Car horns make up the majority of the natural soundtrack of a city. In such a populated area, there’s always someone somewhere waiting in traffic. Over time they may grow restless and become more vocal with their vehicle’s horn.
Chicago Traffic by Time of Day
The city of Chicago is no exception. Having the third most populous city in the United States, there tends to be traffic –and lots of it at times. Residents commuting to work from a surrounding suburb report an average of 48 minutes traveling from their home to their workplace in the city.
Chicago traffic is no joke as it’s known to make up more than $6 billion in fuel and wasted time on the work clock. With epidemic stats such as that, drivers are mindful of their commute times with a general idea of when traffic patterns tend to increase or decrease. For Chicago drivers, it’s imperative to know. So, here’s a guide with everything to know about traffic patterns in the Chicagoland area.
First, let’s talk about Chicago. The city’s population is so huge because businesses all over the world set up shop along the lakeshore. Industries such as tech, finance, telecommunications, media, and commerce flourish in the Loop and the surrounding communities. The Chicago O’Hare International Airport is the busiest airport in the world, with thousands of travelers passing through daily. You can only imagine the traffic patterns that may cause. So, if you’re looking to drive around Chicago and the Chicagoland area, it helps to know the following.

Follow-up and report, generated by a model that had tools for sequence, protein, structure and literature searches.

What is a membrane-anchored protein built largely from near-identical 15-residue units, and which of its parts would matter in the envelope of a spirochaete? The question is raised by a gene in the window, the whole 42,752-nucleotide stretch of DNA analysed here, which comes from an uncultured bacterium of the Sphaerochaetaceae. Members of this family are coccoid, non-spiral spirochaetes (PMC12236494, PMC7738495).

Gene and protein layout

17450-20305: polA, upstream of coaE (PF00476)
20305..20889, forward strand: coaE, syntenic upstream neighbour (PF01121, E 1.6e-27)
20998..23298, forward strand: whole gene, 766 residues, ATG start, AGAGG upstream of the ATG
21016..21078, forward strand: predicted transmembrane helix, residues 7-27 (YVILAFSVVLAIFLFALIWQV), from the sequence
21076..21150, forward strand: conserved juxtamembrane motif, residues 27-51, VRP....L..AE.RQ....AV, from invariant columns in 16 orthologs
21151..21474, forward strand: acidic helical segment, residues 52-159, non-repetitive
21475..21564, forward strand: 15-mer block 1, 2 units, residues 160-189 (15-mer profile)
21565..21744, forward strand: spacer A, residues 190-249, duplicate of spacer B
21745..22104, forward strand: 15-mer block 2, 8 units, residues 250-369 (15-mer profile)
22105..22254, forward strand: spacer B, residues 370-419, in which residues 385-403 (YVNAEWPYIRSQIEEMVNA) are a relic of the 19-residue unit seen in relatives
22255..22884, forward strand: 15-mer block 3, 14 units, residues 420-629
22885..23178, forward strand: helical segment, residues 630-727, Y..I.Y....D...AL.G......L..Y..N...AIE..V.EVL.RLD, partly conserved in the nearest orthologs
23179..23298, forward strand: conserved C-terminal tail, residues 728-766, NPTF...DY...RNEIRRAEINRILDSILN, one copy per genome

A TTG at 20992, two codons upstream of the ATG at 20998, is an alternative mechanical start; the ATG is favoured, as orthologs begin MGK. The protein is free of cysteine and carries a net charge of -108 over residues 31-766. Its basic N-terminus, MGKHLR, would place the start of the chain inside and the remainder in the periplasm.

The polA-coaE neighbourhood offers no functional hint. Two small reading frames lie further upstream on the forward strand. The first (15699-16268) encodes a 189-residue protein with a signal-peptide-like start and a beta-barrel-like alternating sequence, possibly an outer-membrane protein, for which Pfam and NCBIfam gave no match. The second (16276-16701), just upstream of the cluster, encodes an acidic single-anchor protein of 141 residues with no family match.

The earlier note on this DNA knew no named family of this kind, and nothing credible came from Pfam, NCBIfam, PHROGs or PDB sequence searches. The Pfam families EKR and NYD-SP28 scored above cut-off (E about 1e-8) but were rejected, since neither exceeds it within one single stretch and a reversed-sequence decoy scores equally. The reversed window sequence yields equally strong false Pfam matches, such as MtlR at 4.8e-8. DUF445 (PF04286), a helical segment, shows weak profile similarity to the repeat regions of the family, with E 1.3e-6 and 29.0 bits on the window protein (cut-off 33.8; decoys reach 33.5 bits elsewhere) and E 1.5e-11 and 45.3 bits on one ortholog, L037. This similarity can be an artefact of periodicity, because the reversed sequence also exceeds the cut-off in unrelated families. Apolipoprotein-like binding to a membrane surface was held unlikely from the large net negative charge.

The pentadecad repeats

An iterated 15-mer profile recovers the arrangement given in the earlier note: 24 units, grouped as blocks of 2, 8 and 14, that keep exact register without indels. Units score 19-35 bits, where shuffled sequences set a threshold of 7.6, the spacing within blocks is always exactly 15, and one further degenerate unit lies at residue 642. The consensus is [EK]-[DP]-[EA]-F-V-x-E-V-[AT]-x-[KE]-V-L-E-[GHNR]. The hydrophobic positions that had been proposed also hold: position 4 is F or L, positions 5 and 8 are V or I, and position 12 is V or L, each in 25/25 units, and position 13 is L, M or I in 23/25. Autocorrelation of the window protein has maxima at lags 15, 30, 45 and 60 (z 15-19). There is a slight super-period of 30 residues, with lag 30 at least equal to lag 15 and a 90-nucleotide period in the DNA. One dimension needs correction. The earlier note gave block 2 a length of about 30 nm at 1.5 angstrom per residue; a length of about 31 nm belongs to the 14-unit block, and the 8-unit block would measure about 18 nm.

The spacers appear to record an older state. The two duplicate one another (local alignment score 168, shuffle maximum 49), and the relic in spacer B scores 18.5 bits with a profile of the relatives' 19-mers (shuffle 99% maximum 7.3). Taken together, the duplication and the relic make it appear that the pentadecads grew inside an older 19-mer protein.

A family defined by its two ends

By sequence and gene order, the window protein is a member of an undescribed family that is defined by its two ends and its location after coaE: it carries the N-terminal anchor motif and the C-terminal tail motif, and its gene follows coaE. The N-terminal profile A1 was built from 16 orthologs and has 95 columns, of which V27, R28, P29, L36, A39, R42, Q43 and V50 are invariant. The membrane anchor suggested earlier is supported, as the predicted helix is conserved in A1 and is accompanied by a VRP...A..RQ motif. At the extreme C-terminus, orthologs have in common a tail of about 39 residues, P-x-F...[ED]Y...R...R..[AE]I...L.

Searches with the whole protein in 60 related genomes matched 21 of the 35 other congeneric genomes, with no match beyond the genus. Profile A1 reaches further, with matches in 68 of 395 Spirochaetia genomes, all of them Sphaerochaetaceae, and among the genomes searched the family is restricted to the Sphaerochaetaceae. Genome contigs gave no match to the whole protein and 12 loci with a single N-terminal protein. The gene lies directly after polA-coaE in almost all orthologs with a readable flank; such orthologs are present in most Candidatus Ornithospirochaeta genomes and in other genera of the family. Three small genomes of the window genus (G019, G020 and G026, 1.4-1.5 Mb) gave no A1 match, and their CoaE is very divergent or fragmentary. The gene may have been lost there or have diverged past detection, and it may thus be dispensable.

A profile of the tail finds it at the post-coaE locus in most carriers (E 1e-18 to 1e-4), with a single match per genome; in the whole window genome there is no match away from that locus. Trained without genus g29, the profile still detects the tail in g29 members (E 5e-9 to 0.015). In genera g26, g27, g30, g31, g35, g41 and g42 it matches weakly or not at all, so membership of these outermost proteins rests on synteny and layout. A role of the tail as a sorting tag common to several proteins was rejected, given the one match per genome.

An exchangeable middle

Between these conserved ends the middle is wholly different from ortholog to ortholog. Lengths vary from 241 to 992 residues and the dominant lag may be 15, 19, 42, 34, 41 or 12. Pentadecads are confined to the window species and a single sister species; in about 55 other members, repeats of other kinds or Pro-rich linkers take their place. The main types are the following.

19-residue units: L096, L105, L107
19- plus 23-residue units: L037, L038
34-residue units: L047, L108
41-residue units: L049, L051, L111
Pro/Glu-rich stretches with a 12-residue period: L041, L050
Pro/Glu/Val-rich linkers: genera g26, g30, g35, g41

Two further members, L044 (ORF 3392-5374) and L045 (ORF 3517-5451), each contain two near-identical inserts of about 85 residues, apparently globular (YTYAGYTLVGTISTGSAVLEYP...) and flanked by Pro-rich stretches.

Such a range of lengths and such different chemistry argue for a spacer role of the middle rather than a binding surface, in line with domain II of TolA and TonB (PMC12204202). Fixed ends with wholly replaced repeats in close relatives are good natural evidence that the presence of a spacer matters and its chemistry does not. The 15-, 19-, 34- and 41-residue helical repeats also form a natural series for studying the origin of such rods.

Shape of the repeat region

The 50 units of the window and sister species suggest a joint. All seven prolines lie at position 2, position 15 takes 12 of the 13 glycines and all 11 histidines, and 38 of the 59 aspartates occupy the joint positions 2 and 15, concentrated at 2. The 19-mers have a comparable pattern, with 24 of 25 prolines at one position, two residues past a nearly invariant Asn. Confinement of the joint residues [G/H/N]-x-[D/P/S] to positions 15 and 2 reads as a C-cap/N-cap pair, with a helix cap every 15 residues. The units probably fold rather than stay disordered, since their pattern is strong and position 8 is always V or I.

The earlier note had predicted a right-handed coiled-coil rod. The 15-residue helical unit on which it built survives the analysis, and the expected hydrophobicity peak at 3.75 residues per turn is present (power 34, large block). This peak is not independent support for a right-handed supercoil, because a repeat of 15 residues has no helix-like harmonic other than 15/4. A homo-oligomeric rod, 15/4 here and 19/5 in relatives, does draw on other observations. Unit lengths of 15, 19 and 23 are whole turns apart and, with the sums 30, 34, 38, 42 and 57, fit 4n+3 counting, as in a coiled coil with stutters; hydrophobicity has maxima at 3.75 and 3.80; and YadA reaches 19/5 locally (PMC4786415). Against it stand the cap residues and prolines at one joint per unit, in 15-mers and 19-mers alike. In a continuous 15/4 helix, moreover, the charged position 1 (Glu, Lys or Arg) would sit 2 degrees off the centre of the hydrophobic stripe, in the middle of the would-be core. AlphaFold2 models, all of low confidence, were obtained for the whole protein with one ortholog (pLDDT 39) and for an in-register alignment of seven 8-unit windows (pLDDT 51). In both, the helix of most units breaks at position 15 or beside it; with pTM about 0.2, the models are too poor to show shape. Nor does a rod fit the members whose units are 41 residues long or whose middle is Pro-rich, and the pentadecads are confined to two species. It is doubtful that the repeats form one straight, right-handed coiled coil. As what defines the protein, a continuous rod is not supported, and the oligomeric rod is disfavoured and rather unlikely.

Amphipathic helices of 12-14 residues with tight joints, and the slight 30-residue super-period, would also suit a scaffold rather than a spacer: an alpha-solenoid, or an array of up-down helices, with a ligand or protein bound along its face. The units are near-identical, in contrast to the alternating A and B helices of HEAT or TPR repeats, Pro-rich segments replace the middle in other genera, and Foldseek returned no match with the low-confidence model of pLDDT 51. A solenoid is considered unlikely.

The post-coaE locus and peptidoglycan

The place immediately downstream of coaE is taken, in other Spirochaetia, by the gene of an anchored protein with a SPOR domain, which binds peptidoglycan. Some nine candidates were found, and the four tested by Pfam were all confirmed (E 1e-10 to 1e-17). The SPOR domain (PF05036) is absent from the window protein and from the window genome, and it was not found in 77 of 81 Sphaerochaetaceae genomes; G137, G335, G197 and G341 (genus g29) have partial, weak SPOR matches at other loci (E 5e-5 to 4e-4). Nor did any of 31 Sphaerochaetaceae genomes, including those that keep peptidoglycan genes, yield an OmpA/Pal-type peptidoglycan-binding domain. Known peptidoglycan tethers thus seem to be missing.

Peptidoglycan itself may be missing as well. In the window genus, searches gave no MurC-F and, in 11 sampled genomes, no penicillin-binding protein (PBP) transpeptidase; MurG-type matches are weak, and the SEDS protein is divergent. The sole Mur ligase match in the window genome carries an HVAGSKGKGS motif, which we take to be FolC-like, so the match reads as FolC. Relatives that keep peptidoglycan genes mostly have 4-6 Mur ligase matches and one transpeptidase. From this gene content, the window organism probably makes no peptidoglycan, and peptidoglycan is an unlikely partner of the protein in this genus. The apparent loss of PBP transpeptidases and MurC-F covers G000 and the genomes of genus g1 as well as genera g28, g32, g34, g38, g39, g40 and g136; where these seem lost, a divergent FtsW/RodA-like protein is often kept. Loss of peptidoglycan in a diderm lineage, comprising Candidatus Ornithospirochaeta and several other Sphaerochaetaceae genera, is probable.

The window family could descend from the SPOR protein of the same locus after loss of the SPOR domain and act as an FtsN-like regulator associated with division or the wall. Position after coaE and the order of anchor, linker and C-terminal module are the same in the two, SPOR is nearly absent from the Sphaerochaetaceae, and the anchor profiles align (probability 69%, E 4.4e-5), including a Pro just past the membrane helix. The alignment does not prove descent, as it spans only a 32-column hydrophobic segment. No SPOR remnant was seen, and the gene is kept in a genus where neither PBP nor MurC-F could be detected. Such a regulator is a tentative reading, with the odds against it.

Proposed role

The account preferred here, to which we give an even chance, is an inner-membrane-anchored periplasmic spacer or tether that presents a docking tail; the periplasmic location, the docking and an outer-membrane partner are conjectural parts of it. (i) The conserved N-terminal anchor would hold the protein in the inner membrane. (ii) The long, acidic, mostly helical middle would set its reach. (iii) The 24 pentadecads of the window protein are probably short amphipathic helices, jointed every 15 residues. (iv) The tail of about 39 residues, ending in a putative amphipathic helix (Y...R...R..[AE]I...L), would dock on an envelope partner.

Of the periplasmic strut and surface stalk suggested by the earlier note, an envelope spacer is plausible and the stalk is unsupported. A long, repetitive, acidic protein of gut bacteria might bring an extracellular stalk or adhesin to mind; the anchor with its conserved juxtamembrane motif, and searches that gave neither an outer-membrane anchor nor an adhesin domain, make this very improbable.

What are the rules of the road in Chicago?
Before diving into the traffic fluctuations of Chicago, let’s get acquainted with the rules of the road in the Windy City. For the most part, driving in Chicago is consistent with the common traffic laws and practices around the nation. However, there are some specific traffic regulations that should always be kept in mind when driving in Chicago.
Rules of the road that are enforced are:
- Cell phone usage - Mobile device usage behind the wheel is a very discussed topic among traffic enforcers. Chicago doesn’t allow cell phone use while behind the wheel. Hands-free devices are permitted, though.
- Work zones - When work is being done on the road, the lane is typically closed. So, all drivers would be required to merge lanes when they can. Speed is also significantly reduced.
- Emergency vehicle - Emergency vehicles like a police car, firetruck, or ambulance require nearby drivers to pull over to the side of the road for it to pass. No need to worry about holding up traffic; everyone does it.
- Driving in the winter - Every driver in Chicago gives themselves 30 extra minutes on their commutes during the winter because the roads can be icy, the skies are dark, or the air is foggy. This allows them to take extra time as your car’s defroster and heat kick in.
- Gameday - One of the major attractions of Chicago is the sports teams. Whenever the Cubs, Bulls, or Bears play, the whole neighborhood starts hopping. This traffic can easily overflow onto the expressway, affecting commute times.
How bad is the traffic in Chicago?